In response to requests from parents, a Nebraska public school board voted unanimously this week to permit graduating seniors to pose with firearms in their school yearbook photographs.
The Broken Bow Public Schools Board, which serves a predominantly rural area located near Kearney, NE, agreed 6-0 that seniors could appear in the school yearbook photographed with guns, as long as it is "tasteful and appropriate," The Omaha World-Herald reported.
Hunting and shooting sports are common in the community of 3,500, where around 50 students will be part of the 2015 graduating class.
"The board I believe felt they wanted to give students who are involved in those kinds of things the opportunity to take a senior picture with their hobby, with their sport, just like anybody with any other hobby or sport," said Broken Bow Schools Superintendent Mark Sievering.
While the district previously had no policy regarding senior photos for the yearbook, firearms had been prohibited due to"national concerns about school violence," Sievering told the Omaha newspaper. The new policy specifies that students may pose with items that illustrate their accomplishments or interests, including hunting, shooting and other outdoor sporting activities.
There was no opposition to the Board's action this week, not even from the group Nebraskans Against Gun Violence, whose director said she had no concerns as long as the photo sessions took place off campus and were supervised.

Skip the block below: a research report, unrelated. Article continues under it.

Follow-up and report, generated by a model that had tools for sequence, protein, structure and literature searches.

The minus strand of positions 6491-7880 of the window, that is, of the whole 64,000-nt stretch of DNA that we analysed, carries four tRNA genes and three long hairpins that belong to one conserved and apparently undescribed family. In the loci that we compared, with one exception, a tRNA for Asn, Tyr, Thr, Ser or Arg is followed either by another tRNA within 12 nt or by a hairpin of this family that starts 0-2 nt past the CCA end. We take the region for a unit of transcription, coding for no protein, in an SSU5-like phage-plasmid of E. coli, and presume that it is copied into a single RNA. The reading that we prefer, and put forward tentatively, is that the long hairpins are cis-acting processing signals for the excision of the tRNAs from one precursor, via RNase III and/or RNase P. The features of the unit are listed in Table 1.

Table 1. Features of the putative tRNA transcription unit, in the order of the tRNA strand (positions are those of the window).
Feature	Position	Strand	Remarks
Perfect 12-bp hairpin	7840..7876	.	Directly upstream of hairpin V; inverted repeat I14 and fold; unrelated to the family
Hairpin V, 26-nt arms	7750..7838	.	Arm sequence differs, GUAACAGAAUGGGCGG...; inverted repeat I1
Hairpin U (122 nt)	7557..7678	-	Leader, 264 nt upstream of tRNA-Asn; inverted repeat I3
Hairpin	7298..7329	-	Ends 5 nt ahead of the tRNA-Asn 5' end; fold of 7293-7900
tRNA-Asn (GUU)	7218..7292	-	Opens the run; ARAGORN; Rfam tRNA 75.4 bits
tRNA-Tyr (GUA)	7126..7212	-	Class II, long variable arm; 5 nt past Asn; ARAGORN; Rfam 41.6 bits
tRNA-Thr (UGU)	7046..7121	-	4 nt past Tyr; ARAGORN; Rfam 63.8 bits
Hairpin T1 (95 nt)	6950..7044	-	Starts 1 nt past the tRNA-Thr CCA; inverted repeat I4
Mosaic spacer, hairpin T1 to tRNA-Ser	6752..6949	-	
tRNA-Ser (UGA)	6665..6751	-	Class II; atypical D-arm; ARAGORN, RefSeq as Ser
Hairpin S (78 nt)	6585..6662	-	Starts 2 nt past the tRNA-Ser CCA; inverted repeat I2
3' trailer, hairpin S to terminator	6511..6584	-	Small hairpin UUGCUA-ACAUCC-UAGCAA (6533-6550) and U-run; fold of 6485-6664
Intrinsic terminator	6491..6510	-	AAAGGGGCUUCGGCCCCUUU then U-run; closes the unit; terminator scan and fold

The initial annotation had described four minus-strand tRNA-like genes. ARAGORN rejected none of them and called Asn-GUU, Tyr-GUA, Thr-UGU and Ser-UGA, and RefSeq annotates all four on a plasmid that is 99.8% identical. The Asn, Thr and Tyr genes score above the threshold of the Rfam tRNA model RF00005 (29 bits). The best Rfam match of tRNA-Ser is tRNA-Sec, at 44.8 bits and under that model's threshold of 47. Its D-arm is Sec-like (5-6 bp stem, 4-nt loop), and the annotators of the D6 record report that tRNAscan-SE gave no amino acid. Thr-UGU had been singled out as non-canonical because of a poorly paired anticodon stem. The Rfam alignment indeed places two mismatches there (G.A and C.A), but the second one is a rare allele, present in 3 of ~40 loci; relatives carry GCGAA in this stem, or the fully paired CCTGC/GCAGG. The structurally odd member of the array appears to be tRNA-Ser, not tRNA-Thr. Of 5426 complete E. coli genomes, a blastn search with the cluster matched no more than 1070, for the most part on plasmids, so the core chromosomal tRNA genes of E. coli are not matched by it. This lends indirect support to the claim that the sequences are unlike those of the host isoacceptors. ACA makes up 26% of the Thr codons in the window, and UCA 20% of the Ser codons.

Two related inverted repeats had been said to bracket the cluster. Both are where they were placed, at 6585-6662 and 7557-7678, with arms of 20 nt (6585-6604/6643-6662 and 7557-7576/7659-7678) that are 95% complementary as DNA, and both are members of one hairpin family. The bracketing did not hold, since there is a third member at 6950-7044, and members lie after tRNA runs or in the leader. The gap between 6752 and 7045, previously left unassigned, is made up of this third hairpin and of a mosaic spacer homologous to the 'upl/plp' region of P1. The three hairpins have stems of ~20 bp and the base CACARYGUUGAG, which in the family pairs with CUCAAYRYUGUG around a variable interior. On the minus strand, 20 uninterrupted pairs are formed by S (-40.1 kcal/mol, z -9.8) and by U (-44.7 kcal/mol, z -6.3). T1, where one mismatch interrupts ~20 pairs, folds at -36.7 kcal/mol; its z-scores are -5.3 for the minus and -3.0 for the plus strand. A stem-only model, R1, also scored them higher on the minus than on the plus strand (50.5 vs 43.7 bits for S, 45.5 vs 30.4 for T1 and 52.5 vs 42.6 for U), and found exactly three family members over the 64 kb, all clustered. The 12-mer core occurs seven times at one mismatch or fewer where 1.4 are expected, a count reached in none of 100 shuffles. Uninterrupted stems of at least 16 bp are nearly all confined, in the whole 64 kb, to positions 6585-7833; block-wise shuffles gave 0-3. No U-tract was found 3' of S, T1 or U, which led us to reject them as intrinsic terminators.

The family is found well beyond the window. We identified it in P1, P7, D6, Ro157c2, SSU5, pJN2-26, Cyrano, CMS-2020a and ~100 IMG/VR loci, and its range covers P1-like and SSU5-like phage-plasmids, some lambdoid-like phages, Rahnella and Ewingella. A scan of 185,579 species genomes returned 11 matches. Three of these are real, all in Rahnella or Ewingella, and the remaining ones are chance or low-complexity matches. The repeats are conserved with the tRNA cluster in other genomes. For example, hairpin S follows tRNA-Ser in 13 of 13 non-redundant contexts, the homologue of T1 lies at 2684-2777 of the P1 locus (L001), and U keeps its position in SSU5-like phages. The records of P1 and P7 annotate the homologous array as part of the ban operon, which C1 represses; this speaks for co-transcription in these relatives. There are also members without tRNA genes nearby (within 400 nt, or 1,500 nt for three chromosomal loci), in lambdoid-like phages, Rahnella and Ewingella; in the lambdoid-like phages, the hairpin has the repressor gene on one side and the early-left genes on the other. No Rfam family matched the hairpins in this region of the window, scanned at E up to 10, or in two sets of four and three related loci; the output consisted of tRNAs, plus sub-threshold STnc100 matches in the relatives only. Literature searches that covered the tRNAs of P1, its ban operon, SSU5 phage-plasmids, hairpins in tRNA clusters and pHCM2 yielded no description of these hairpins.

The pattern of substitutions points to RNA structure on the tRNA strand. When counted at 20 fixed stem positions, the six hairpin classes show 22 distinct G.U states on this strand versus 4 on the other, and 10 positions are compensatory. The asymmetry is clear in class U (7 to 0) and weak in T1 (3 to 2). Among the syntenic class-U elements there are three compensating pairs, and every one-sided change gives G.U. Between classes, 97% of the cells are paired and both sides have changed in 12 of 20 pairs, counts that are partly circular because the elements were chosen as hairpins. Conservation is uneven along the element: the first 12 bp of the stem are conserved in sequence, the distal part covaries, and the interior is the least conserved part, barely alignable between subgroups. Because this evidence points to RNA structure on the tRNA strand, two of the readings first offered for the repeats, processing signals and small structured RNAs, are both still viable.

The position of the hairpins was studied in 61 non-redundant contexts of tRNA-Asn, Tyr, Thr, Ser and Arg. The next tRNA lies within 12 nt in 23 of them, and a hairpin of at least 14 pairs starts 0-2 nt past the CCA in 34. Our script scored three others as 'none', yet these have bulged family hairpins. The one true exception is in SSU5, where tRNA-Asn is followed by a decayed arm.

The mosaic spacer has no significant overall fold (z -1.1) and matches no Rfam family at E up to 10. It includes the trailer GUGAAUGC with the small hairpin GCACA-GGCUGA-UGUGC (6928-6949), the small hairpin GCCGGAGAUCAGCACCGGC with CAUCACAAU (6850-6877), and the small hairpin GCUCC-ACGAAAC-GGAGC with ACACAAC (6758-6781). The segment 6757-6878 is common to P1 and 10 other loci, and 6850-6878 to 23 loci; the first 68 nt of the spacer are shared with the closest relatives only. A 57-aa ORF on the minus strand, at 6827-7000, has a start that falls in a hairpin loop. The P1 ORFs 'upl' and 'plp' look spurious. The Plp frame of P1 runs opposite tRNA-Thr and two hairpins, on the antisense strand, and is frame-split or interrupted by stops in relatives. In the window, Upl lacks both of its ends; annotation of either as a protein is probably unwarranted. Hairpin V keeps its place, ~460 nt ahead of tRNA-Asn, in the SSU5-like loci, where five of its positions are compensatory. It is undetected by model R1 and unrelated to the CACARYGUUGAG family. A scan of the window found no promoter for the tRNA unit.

The Nebraska case was a stark contrast to one occurring in New Hampshire in 2004, when school officials rejected the yearbook photograph of avid senior class shooter Blake Douglass dressed in his shooting vest with his favorite shotgun broken open and perched on his shoulder.
"I don't see anything wrong with the picture," Douglass told the Londonderry News-Leader at the time. "I enjoy shooting trap and skeet, and I believe you should stand up for what you believe in."
But school officials disagreed. Superintendent Nate Greenberg said the photo submitted by Douglass is inappropriate given what he called "an epidemic of school violence that has swept the nation in recent years."
The National Rifle Association and the Gun Owners of New Hampshire agreed to support the young shooter in his case against the school district.